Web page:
The Higgs Boson: What We Can Learn

07/13/2012 03:41 pm ET | Updated Sep 12, 2012

There are several different ways to study the nature of matter, but one of the most fun is to smash very tiny particles into each other at extraordinary speeds and see what happens.

This is what they do at CERN's Large Hadron Collider (LHC) one of the largest, most complex, machines ever built. This $10 billion proton beam smasher on the Swiss-French border was built for one main purpose: to determine if the Higgs boson actually exists. What is a Higgs boson? Great question. Go to Wikipedia and read about it.

Particle physics is not generally a pop-culture vocation. But this week, particle physicists were all over the news. It seems that there is a 99.99 percent chance that experiments at CERN have given us our first look at a particle that, according to a spokesperson, "is consistent with a Higgs boson as is needed for The Standard Model."

Try to contain your excitement.

The Higgs boson is considered, by a significant number of mainstream physicists, to be the "missing link" to "The Standard Model" of particle physics. According to Wikipedia, "The Standard Model of particle physics is a theory concerning the electromagnetic, weak, and strong nuclear interactions, which mediate the dynamics of the known subatomic particles." So this discovery is exciting because confirming the existence of this predicted particle helps to validate The Standard Model.

But, even if this new particle is not a Higgs boson, there is still good news. It may be the first of a new type of massive subatomic particle that will completely alter our understanding of the universe. So the news this week was win/win for scientists everywhere.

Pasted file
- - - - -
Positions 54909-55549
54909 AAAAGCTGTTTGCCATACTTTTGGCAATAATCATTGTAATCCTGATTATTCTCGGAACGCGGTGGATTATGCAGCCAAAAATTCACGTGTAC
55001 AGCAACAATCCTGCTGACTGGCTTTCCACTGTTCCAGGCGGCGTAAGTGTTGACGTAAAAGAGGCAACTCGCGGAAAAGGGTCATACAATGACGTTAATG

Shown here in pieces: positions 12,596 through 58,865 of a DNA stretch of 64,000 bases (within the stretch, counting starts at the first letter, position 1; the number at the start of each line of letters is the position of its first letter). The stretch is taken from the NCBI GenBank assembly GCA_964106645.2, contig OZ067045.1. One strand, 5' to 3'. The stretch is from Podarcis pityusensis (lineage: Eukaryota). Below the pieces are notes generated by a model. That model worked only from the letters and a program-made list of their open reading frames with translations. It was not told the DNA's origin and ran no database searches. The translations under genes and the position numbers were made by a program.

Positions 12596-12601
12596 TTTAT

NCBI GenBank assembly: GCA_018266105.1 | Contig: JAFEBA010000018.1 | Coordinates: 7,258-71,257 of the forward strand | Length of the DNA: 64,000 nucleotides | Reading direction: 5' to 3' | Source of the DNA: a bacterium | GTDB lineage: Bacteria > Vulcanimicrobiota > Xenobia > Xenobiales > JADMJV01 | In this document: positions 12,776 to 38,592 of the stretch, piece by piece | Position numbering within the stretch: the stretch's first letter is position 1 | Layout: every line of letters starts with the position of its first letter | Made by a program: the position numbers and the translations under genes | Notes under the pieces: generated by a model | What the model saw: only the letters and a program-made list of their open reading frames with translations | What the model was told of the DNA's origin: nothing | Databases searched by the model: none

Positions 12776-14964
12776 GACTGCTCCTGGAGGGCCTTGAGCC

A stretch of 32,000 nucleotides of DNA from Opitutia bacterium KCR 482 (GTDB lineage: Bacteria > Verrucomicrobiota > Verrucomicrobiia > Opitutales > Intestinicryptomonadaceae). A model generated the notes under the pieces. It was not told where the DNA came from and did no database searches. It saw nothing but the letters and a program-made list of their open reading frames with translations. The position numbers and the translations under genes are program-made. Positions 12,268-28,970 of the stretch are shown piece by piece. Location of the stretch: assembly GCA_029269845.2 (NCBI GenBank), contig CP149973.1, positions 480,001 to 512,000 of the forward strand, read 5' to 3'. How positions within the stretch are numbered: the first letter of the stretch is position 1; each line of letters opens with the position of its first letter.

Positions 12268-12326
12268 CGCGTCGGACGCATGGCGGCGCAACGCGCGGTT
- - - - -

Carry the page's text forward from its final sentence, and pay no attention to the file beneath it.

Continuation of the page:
That said, scientists are pragmatic, so after saying "Thanks, nature!" Fabiola Gianotti, one of the CERN team leaders, told reporters that, "The Standard Model is not complete ..." but, "the dream is to find an ultimate theory that explains everything -- we are far from that."

There is no practical use for a Higgs boson and we are not any closer to understanding gravity, nor dark energy, nor a unified theory of everything, so what have we learned from this 17 mile long, $10 billion atom-smasher?

Well, first, we learned that there is a huge value to pure scientific research. Science for its own sake can take us on a journey towards the answers to mankind's oldest and most basic questions. And, although none of the scientists I spoke to would even venture a guess about the practical use of this discovery, I can't help thinking that it is both inspirational and aspirational.

How many kids will start asking questions like, "What is everything made of?" or "Why do we need a theory of everything?" How many adults will be inspired to learn about the forces of nature and the scientific method? How many of us will aspire to learn all we can learn about the world around us, and our place in the universe? I love these questions and the thousands more that will come from this remarkable discovery.

I also love the complexity of this particular problem and the technology, mathematics and computer science needed to solve it. We may invent new kinds of math to help with this search, build new kinds of computers, rethink materials handling, change the nature of manufacturing or learn to do a thousand other things from the science needed to do this kind of research. It's simply awesome!

Get excited about this. Read about it. Tell your friends about it. Think about it. Who are we? Why are we here? What are we made of? Why do things around us behave the way they do? What is our ultimate fate? What can we do to change the world? There are so many more questions you can ask... so ask! Congratulations to the teams at CERN. Striving to understand who and what we are may be our highest, best purpose.